What’s the Difference Between a Designer and an Engineer?

February 19th, 2019

Growing up in Maine in the 70s and 80s, designer = glamorous cool; engineer = socially awkward geek. I blame societal conditioning.

My father was an engineer and my mother a math teacher; they definitely encouraged me in what is now called STEM. On the farm in Gorham where I grew up, they had me to do all the things my brothers did – even taking Hunter Safety at the Rod & Gun Club. But I had no interest in “masculine” stuff, including engines. That’s what I thought engineering was about. Perhaps I rebelled. I was artistic, creative – the opposite of a nerd. Social sciences, maybe. But not hard science.

Apricart logoI ended up getting degrees in Economics and Government. Bouncing around after college, I found myself in NYC, where I was offered textile design work. My fate was sealed. I wasn’t formally trained for it, but it came naturally. Design is all about figuring out the best solution to a problem, optimally in a visually appealing way. It was perfect for me.

In those days, computer graphics and processing power were nothing like they are today, so textile designs were all painted in painstakingly detail by hand on large sheets of paper. But I loved it. I got plenty of work. I designed textiles, casual clothes, backpacks, gloves, mittens, hair accessories – whatever companies needed. After a year or two, I was offered a job in Hong Kong.

I was up for the adventure. That trading company did mainly plush but wanted to get into giftware – the things you find in Hallmark stores. I didn’t do tchotchkes personally, but the boss said: “You’re a girl – you do the giftware.” It turned out I could be good at it. Buyers came, told me what they wanted, and I drew a picture of what to give them. There was an in-house sample making department and thousands of factories in southern China, eager to get the order, that had sample makers ready to do my bidding. I loved seeing how things were made. It was a very practical education – factory people explained to me why things couldn’t be made the way I wanted them, and how they saw the options; sometimes I learned technical parameters and sometimes I learned that the roadblocks they perceived could be overcome with the redesign. Cost considerations hung over everything. Not just the costs of the raw materials, but the cost considerations of time, prototyping, assembly, packaging and shipping, and sometimes marketing.

Eventually, I came back to the US to work for a wholesale distributor in Minneapolis, where I met an electrical engineer who had a business making 3D non-contact sensor systems. Very different. We married, and I stayed home and focused on children.

Ten years later, sneaking suspicions gave way to our worst fear: his sales partners were pirating his systems. We got calls to fix the fakes. None of the customers believed us – or cared. Fortune 500 companies such as Benchmark, government agencies such as the Jet Propulsion Lab – to this day, many of them still buy the pirated systems. The FBI didn’t care. When we sued, not one, but two federal judges here in Portland, without considering any actual evidence, decided in favor of the pirates. “A punch in the gut” is a cliché – but that’s the best way to describe the actual feeling. My husband needed someone he could trust. You could say I married into high-tech. It has been another practical education.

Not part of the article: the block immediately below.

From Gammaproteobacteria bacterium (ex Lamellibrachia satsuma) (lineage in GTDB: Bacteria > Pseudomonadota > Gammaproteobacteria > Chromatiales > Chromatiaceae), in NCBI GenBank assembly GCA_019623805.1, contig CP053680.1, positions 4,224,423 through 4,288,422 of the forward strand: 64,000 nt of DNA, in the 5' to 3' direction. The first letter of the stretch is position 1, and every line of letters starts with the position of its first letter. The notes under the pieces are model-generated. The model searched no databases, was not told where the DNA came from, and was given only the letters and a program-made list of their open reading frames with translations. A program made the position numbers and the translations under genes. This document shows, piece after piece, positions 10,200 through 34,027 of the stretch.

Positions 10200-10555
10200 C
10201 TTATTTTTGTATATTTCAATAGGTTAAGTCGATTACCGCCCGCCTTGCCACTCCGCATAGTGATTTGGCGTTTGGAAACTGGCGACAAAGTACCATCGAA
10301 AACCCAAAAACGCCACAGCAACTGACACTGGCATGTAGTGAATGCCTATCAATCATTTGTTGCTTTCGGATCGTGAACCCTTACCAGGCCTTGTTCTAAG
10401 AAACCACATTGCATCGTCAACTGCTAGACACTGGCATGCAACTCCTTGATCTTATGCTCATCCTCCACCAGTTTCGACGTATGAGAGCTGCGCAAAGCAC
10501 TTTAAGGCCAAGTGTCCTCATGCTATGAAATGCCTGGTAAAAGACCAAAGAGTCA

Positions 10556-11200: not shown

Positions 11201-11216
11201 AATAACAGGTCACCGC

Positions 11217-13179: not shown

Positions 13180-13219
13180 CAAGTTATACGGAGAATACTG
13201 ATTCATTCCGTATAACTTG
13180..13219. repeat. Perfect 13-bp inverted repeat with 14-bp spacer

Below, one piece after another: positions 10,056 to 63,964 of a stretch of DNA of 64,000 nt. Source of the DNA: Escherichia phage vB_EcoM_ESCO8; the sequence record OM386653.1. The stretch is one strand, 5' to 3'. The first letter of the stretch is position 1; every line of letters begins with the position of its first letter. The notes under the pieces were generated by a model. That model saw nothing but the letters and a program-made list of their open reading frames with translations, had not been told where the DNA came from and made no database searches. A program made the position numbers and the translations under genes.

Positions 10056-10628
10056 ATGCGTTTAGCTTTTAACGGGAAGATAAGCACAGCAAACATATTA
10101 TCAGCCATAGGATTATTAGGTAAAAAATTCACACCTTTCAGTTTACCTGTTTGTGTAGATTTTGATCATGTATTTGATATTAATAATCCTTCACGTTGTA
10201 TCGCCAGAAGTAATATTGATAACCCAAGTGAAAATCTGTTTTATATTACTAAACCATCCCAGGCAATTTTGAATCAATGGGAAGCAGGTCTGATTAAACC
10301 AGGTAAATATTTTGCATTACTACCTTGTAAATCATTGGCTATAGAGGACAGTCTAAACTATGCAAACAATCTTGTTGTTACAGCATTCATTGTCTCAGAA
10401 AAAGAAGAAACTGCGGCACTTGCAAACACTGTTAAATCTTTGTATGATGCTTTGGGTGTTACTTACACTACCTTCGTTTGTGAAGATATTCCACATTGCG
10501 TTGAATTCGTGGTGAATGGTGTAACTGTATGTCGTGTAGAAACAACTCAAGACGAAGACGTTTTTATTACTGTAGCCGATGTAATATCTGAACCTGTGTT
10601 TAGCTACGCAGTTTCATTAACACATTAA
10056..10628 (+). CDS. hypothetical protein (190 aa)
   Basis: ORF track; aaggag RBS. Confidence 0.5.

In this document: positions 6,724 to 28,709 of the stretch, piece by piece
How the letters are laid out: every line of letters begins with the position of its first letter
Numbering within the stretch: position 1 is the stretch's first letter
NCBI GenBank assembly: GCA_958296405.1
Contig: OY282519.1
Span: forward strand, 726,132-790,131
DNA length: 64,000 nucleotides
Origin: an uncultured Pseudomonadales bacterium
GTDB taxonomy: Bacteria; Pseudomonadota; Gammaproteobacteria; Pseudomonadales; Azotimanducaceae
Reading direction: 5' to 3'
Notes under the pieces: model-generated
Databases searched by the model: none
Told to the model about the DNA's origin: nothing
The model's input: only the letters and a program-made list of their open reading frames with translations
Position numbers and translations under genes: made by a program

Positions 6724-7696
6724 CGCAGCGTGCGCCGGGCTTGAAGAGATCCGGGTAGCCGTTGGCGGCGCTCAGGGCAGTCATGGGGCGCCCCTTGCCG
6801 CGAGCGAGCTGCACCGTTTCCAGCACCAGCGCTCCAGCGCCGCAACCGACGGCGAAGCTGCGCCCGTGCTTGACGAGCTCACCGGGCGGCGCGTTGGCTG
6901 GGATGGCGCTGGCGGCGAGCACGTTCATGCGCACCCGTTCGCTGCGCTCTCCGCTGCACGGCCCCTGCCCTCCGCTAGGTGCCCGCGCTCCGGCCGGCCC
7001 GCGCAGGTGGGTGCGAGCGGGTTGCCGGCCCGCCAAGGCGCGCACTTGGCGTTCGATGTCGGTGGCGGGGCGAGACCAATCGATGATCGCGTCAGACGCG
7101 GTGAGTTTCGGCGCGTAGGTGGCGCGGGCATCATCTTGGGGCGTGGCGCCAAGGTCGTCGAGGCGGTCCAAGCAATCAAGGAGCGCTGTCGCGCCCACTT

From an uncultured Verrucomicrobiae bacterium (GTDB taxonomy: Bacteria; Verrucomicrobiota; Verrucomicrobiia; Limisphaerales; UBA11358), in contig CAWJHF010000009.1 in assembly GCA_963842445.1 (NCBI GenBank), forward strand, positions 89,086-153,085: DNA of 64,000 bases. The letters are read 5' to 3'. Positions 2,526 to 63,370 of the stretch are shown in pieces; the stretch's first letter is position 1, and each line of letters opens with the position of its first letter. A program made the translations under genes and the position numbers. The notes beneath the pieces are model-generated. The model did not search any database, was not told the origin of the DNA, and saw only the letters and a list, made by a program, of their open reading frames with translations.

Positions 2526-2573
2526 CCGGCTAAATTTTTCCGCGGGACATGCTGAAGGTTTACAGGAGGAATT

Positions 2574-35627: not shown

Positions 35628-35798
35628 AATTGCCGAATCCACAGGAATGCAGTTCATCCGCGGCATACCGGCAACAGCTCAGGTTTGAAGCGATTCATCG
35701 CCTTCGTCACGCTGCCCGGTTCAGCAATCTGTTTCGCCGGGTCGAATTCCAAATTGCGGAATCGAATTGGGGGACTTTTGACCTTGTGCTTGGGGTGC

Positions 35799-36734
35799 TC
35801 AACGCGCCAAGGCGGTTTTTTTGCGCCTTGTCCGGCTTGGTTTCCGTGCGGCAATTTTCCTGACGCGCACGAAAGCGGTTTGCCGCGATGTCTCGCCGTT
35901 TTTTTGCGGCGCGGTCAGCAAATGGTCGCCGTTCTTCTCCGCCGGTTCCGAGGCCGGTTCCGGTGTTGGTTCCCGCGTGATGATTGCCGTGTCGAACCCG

Even after ten years as a “woman in tech,” I still don’t identify with that label. I don’t call myself an engineer. But: again, I find the work suits me perfectly. I like to create things. The difference between an engineer and a designer, by the way, is the type of knowledge needed to solve the problem. Whether it’s the properties of greige goods or shiny metals, “Designers” and “Engineers” are both practical problem solvers. Some solve problems with computer code and electrical circuitry; others with graphics or fabric. I used to convey my ideas in gouache; now they’re conveyed in 3D modeling software. It’s creativity. We’re all creative, whatever we create, whatever we call ourselves.

I love what I do, which today is focusing on creating the business and product that is Apricart. Apricart is a smart-shopping cart designed to make shopping in brick-and-mortar stores more enjoyable and rewarding by converging the personalization of online shopping with real-life shopping in brick-and-mortar stores. I don’t do it alone, of course. I work with a team that is very specialized and very technical. So regardless of my self-image or inclination, in the scrum of it, I am “a woman in tech.” Hopefully, there will be more women in tech tomorrow.

Society is changing for the better. Tech is cool now. More women are entering STEM professions. My daughter’s elementary school demystifies engineering by having it as another “special” class – like Art or Music. Volunteering there recently, I was amazed by the proficiency of her classmates to build and describe electric circuits. Hopefully in the future gender distinctions will become irrelevant in the workplace, and we will recognize and celebrate knowledge and creativity in all its forms.

Allegra McNeally is the founder and CEO of Apricart is a smart shopping cart that vastly improves the shopping experience for retail grocery shoppers while gathering important path-to-purchase data for consumer packaged goods marketers and grocery stores. She is also the vice-president at VisionMaster a manufacturer of fully automated 3D Solder Paste Inspection Systems based in Portland, Maine.